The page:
David Grad Twitter bio photoIn this episode I chat with David Grad, Emmy-winning producer and brand consultant, about brand communications, how to break down what exactly “brand” is, and what questions to ask when you’re planning to communicate your brand strategically.

Links for today’s episode:

05 Allison Jones on careers and leadership

Allison Jones Twitter bio photo

In this episode of the Do Good Better Podcast I talk with Allison Jones, formerly of Idealist Careers at the time of the recording, but now with NTEN. We start off our conversation talking about career and labour market trends, but then get into the juicy topics of leadership, management, vulnerability, and learning.

Listen via the website, iTunes, or Stitcher.

Links from today’s episode

Note: I couldn’t find the article Allison mentioned re: 26 ways to be involved in social change without being on the streets, nor the 99U article on from manager to maker.

On my way to Myanmar/Burma

Myanmar tickets

I’m heading to Myanmar (Burma) for six months. Literally on my way now (writing this from the Vancouver airport).

Out of the blue you say? Yeah, for me too. There was less than 4 weeks between accepting the offer from Cuso International and leaving the country. In the middle I’ve rented my condo, got vaccinations and the variety of health/police checks, got my foster cat adopted, spent 5 days in training in Ottawa with Cuso, visited family, and wrapped up a few non-travel things. It’s been a whirlwind.

What am I doing in Myanmar?

Doing what I do in Canada, but in a new context. While I don’t know the specifics, my volunteer role title is “Stakeholder Mapping Consultant”. I’ll be working with Local Resource Centre,a central umbrella/capacity building/hub organization to the nonprofit sector—aka civil society in Myanmar—in their new Mawlamyine office.

I’ll be researching what is going on in civil society in Mon state, the “landscape” – who’s doing what, with who, for who, to what ends, with what resources, with what skills, and with what challenges. And going from there. Or so I understand at the moment. It’s possible that my work may change once I’m there, but I’m sure it will stay in the general realm of “nonprofit sector capacity building.”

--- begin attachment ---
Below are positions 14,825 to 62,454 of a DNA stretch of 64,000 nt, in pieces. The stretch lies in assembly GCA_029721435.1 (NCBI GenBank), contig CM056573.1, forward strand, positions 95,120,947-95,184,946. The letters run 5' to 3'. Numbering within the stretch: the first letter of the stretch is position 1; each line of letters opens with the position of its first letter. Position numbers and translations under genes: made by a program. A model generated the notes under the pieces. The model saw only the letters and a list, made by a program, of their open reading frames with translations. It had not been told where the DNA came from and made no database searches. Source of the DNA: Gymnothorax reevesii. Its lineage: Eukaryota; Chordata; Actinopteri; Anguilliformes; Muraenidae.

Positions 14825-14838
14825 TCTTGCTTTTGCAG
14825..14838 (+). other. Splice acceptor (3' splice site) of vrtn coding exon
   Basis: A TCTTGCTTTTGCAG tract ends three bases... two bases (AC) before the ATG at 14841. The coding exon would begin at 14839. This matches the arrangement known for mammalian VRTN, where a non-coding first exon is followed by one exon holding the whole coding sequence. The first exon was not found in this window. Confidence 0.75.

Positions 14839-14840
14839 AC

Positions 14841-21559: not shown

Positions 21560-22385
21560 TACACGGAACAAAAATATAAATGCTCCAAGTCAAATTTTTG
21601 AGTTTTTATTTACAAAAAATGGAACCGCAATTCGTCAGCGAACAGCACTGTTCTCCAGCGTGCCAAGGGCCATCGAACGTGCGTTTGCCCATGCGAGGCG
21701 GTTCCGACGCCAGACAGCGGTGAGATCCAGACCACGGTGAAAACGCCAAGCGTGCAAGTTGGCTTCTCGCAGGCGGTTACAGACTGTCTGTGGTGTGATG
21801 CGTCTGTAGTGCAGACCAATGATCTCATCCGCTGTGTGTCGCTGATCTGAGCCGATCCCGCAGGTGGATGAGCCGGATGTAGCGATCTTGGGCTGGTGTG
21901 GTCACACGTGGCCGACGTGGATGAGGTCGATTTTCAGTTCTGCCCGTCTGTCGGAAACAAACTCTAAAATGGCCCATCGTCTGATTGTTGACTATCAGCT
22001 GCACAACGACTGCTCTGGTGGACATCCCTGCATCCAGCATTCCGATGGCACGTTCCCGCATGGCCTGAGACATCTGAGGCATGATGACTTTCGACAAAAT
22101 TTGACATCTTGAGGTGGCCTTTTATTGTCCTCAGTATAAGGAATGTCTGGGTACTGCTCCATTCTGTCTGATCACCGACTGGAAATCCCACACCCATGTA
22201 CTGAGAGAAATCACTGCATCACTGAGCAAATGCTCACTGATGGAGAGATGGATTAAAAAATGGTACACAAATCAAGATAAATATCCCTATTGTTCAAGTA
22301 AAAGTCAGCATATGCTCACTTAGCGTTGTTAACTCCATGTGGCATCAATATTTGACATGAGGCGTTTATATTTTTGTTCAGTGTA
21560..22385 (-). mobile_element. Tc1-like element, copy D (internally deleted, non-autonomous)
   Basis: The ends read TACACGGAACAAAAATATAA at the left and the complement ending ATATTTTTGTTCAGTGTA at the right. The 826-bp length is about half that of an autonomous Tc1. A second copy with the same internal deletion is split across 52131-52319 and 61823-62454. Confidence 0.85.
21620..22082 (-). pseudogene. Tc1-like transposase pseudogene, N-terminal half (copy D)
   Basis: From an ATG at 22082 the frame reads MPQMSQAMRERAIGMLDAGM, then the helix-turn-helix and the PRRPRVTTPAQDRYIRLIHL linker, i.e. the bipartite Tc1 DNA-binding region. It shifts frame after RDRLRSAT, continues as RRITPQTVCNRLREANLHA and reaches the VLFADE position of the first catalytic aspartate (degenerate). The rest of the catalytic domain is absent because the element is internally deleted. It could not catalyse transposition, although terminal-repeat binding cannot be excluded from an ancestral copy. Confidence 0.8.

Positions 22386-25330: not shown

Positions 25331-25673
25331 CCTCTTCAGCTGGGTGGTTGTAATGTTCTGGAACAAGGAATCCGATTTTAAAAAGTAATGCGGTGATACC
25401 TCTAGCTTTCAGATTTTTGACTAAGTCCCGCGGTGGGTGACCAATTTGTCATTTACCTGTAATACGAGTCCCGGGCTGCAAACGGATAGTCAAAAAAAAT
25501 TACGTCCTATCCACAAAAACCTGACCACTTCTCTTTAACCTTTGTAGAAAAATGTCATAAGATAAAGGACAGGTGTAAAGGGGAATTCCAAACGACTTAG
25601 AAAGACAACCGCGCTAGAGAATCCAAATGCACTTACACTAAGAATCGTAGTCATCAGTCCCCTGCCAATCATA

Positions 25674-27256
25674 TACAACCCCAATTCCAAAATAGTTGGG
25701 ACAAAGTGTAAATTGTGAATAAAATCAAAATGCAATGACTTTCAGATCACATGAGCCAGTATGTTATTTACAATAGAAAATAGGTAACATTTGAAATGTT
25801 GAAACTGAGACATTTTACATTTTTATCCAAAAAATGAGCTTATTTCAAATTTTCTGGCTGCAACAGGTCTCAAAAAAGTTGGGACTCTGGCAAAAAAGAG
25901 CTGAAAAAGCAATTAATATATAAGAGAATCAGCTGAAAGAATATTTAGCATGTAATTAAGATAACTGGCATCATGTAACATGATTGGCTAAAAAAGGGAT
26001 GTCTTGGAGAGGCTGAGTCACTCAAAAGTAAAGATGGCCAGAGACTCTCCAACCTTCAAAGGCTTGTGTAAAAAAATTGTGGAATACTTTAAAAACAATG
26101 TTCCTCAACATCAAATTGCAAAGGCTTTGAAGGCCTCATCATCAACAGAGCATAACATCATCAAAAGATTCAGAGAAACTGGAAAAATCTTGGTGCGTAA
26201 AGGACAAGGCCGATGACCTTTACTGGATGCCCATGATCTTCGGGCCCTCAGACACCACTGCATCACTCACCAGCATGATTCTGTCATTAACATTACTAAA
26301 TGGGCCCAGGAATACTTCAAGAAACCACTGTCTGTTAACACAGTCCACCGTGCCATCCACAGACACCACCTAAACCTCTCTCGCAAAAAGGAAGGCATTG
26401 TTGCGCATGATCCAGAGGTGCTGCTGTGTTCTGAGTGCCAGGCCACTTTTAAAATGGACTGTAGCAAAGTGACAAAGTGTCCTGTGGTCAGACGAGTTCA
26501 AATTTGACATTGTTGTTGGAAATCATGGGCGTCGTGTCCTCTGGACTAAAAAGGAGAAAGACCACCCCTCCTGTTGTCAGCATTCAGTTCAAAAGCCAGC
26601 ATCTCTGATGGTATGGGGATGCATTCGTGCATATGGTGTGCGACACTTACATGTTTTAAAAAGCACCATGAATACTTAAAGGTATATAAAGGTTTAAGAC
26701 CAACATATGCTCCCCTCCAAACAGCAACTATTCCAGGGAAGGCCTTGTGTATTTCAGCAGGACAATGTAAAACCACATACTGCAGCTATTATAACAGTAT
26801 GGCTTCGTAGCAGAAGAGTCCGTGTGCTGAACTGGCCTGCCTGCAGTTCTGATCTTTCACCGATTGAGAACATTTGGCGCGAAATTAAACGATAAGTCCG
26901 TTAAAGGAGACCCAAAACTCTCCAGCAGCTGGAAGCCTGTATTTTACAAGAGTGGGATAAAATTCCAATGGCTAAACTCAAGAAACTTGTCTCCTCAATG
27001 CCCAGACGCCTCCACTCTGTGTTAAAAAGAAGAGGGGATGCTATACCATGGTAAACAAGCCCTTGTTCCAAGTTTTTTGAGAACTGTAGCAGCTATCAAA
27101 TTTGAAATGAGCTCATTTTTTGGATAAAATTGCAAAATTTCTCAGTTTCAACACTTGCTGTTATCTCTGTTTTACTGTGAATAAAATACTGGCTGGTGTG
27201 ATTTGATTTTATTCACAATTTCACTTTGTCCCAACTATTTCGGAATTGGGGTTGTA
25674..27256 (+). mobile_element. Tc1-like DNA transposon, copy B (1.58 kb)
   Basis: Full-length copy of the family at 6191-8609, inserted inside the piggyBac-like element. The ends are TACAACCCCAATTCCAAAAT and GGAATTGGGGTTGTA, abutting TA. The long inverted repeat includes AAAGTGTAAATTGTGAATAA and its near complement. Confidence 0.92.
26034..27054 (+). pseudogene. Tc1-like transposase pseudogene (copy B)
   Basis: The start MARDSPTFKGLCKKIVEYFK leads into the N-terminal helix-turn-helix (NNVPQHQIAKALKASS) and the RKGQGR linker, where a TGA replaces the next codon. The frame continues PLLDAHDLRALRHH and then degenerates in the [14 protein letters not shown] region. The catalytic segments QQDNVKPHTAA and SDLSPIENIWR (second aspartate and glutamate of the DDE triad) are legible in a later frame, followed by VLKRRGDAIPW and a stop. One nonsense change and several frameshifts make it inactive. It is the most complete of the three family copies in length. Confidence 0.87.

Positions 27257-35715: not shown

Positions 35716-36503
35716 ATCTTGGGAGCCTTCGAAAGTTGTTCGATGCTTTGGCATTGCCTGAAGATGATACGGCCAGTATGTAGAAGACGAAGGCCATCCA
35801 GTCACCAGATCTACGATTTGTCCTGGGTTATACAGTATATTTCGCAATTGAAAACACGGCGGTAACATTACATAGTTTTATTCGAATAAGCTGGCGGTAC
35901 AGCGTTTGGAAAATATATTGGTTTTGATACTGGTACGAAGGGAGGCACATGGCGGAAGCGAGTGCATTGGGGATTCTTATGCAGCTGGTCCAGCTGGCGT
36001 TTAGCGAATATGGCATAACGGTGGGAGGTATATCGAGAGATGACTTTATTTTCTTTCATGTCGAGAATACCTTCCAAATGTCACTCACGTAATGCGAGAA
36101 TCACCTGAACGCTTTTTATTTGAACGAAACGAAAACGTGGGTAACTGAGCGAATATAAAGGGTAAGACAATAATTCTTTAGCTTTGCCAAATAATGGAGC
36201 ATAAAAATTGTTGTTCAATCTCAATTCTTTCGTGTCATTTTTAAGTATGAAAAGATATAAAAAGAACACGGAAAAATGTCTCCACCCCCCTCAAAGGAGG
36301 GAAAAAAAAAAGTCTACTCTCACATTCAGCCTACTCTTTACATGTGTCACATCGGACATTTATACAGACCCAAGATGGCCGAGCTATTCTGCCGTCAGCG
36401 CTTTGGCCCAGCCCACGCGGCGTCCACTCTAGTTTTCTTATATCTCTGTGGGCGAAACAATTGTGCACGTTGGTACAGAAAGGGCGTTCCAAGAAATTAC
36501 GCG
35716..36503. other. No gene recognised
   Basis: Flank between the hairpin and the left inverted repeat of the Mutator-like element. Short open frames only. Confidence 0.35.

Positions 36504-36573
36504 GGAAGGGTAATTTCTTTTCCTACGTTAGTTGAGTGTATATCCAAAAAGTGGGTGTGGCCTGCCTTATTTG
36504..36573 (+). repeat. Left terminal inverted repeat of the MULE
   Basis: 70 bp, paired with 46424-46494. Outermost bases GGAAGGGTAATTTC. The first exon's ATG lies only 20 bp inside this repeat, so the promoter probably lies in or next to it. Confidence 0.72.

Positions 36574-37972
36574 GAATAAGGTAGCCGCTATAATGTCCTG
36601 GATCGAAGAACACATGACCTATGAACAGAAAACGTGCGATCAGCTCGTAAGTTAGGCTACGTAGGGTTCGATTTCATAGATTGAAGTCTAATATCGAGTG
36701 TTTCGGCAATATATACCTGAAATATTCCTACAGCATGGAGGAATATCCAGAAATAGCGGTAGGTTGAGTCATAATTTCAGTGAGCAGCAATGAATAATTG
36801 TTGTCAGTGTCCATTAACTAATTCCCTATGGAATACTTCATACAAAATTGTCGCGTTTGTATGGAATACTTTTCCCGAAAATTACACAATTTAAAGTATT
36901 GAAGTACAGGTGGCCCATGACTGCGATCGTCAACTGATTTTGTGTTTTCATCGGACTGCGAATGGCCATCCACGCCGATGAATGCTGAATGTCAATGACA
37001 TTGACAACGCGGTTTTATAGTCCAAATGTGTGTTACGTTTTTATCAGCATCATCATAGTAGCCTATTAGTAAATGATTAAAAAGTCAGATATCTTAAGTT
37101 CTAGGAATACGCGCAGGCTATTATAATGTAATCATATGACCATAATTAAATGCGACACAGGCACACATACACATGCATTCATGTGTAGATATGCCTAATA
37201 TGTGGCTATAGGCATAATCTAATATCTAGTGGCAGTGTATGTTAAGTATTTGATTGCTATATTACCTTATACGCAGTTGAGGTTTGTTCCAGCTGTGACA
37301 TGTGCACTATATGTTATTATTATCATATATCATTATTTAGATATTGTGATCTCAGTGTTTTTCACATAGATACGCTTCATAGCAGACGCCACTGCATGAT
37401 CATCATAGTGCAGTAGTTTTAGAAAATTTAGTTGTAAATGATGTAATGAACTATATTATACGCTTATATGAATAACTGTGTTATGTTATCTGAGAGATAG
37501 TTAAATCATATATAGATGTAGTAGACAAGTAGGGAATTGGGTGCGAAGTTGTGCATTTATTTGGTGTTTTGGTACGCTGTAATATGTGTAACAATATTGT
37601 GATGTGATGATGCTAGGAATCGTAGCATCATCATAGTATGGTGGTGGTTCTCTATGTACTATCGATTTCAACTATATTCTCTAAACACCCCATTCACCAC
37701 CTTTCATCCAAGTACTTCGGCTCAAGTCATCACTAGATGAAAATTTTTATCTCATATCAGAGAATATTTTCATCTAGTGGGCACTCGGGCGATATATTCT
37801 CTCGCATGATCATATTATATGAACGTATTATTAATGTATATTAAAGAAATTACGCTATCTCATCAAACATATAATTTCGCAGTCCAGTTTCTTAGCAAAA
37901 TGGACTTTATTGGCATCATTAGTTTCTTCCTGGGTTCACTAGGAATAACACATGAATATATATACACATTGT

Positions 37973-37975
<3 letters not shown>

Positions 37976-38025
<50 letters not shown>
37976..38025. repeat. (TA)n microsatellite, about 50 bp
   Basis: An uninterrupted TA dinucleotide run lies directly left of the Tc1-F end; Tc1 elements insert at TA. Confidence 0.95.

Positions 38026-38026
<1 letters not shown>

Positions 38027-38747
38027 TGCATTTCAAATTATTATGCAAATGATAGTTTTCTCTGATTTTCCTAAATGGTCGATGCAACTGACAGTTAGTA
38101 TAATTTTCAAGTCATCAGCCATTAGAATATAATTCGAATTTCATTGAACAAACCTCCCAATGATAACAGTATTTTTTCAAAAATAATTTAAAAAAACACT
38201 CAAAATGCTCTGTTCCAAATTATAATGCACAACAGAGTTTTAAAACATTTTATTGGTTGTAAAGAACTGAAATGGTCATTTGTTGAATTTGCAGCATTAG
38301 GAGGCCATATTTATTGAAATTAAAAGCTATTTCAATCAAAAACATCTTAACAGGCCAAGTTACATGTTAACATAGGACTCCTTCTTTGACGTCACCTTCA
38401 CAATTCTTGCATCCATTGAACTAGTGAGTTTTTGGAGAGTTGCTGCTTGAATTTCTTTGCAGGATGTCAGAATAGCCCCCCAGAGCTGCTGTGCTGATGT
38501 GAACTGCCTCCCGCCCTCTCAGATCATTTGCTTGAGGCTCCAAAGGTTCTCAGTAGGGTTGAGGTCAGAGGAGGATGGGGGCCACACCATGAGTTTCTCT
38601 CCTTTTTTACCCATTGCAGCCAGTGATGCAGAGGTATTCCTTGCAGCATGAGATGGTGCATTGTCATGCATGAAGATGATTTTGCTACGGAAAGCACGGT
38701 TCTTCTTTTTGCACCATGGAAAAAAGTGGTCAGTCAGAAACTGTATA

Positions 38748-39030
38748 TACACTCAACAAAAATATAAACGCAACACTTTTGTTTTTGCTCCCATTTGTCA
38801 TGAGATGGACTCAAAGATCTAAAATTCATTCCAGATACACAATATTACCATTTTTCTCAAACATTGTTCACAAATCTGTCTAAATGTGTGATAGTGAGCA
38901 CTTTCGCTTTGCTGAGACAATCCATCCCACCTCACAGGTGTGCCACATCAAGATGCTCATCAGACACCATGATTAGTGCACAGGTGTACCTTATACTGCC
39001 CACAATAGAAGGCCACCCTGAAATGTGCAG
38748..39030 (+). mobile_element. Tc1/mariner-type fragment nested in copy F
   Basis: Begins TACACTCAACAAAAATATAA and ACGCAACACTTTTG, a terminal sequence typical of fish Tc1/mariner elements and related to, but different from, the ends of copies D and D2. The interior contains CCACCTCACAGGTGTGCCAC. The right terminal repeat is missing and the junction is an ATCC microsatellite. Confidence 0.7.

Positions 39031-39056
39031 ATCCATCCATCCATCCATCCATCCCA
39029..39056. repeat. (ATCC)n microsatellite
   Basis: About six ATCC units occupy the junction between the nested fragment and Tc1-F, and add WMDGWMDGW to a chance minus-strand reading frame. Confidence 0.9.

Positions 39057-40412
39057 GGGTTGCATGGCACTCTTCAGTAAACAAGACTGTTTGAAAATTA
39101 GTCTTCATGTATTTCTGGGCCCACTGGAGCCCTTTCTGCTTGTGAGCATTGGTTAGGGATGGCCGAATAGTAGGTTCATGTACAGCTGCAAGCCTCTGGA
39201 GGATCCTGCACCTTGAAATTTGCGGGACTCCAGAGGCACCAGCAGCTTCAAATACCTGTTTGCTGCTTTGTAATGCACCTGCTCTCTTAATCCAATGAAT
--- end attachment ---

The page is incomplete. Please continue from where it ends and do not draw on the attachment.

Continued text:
I’ll blend my skills for listening, asking good questions, facilitating, researching, and strategizing, to learn about civil society in Mon state and give that learning back to the sector.

Want to contribute to Cuso International’s work (and get good vibes and a tax receipt)? I’m trying to raise $500 before my birthday on September 9th. Donate here!

What will I continue while away?

I’ll continue my outreach re: a data strategy for BC’s nonprofit sector. It can take time for money and other assets to come together, so I’ll stay in touch with a variety of stakeholders and collaborators.

Quiet changemaker project. This will be my downtime/alone time hobby. Writing. Agent/publisher pitches.

My research agenda aka manifesto—emergent trends that I feel the nonprofit sector needs to act on. I want to increase my focus on these areas in a research and strategy capacity upon my return, so I’ll continue to network with allies and share my thinking as time allows (like I am doing with the data strategy). I’ll share this research agenda in a future post.

Staying connected. Depending on internet access, I’d like to have at least one Skype chat a week with an interesting person in order to stay connected, stay inspired, and stay informed.